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5 Franchising Lessons from Ray Kroc Movie 'The Founder'

The Founder is a new movie about McDonald's founder Ray Kroc and how he built the hamburger chain to its impressive success. The feature, starring Michael Keaton as Kroc, was released in Australia this past Thursday, way before any other country. The film already has a respectable 7.7 rating on IMDB. 

Americans will have their chance to see the entertaining flick starting December 16 with a limited engagement, which will put it in contention for the February 2017 Academy Awards, for which it is rumored to be a hot contender. The wide release will be January 20, 2017. In recent years it has become commonplace for American movies to be released overseas before Americans get a chance to see them.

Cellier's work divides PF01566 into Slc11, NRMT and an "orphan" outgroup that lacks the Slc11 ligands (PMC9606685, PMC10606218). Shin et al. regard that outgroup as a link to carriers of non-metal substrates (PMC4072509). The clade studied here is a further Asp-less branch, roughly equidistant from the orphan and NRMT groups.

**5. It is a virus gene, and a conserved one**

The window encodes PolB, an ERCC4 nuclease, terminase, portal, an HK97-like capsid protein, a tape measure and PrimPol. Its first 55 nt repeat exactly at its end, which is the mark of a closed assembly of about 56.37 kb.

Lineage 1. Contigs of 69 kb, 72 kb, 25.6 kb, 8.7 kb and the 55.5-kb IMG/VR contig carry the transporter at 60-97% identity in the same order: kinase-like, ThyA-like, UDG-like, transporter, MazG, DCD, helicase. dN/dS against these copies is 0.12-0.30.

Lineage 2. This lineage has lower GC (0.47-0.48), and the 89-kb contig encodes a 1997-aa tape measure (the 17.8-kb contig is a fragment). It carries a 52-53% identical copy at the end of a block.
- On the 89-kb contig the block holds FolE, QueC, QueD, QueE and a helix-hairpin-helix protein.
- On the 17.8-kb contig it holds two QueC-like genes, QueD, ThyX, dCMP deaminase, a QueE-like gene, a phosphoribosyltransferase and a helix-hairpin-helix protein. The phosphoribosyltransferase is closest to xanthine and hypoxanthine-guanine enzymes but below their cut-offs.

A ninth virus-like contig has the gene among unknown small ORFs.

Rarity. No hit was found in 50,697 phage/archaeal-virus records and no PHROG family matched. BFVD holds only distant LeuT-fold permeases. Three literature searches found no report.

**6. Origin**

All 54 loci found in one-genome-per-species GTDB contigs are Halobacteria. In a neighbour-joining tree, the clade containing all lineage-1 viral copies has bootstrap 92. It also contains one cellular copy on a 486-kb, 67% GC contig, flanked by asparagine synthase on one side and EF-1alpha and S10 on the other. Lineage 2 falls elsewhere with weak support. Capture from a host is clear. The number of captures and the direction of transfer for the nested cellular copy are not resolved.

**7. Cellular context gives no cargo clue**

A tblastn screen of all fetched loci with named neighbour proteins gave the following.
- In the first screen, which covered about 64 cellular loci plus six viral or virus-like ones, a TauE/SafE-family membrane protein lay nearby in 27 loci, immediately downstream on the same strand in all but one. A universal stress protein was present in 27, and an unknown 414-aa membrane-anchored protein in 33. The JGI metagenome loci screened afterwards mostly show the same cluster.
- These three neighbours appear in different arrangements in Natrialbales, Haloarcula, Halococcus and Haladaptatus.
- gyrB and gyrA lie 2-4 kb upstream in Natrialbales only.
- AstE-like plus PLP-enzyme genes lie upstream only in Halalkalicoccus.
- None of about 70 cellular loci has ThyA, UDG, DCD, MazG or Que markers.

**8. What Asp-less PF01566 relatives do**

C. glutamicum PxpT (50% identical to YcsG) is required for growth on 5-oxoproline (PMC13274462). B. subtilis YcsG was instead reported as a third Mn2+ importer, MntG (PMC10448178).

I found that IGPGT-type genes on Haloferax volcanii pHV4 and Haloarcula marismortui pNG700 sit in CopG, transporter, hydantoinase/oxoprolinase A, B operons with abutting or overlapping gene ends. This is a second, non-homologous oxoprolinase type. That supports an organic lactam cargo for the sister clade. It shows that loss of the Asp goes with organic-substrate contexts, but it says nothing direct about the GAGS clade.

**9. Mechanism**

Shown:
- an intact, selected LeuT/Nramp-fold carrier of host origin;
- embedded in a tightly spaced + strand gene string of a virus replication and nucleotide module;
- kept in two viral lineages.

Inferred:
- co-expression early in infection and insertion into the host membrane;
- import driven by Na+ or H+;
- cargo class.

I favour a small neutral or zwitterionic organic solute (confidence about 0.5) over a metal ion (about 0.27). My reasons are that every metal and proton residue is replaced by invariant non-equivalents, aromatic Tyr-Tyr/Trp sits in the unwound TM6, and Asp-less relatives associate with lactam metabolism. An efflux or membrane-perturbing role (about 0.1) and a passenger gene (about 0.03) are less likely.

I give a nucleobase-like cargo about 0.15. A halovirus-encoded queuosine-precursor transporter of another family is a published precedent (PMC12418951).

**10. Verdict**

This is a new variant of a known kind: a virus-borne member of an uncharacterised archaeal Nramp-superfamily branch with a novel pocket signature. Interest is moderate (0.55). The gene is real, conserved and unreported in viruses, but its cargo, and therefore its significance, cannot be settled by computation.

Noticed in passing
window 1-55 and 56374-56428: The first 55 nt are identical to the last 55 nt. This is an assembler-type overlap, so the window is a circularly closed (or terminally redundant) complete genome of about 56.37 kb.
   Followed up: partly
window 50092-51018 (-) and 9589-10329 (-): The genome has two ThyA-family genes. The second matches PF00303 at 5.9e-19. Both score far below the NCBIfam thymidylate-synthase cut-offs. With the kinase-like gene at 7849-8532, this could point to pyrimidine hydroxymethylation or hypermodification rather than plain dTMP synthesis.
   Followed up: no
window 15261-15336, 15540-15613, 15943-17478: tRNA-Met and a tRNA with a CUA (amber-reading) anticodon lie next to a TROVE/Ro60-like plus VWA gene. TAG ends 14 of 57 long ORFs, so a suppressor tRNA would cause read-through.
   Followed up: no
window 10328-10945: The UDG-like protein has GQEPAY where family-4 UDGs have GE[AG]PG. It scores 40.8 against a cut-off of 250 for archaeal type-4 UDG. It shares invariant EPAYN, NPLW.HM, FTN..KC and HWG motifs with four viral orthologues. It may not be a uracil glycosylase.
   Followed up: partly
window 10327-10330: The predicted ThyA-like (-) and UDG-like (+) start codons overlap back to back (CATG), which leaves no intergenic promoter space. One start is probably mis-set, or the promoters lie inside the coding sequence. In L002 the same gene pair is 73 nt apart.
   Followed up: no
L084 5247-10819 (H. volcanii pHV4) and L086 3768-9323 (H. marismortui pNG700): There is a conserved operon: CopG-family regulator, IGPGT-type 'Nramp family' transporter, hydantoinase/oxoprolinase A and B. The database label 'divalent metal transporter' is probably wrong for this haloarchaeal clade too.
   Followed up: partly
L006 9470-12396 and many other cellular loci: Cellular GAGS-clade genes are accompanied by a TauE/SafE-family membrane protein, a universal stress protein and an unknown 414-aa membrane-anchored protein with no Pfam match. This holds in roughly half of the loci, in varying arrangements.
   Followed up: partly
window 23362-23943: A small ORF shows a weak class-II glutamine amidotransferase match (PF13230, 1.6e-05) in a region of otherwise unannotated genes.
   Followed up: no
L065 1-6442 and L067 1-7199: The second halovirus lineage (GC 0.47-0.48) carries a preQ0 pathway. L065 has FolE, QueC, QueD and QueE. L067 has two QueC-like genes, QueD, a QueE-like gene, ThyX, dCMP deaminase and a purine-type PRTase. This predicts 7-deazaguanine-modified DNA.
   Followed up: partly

Corinne Attard, an Australian attorney  who represents Australian franchisors and what some global brands call international master franchisees for a country, which is actually a sub-franchisor, writes that the movie exemplifies five franchising lessons for franchisors. Here are two of the lessons that Kroc learned from being a franchisor. Franchisees will also likely find these lessons of interest:

1. Choosing the wrong franchisees at the start

“And spend the next 10 years trying to get rid of them!” say many franchisors. Ray Kroc is no exception, with the first few McDonald’s franchisees failing to follow the system. We could also observe that the McDonald brothers may have ultimately regretted their choice in Kroc as master franchisee [franchisor].

2. Having too slim a royalty or revenue stream

As master franchisee [franchisor] under a fairly unfavourable contract, Kroc has a very thin slice of the profit pie. This was not enough to support his operations or to grow the business, a situation that almost leads to its collapse. We all know that for franchising to work everyone has to have enough of the revenue to be profitable, and while we usually think of franchisees in this situation, franchisors and their masters [sub-franchisors] also need enough to fund their own businesses, provide the support to franchisees, and to expand the system and be successful. — Corinne Attard, Smart Company

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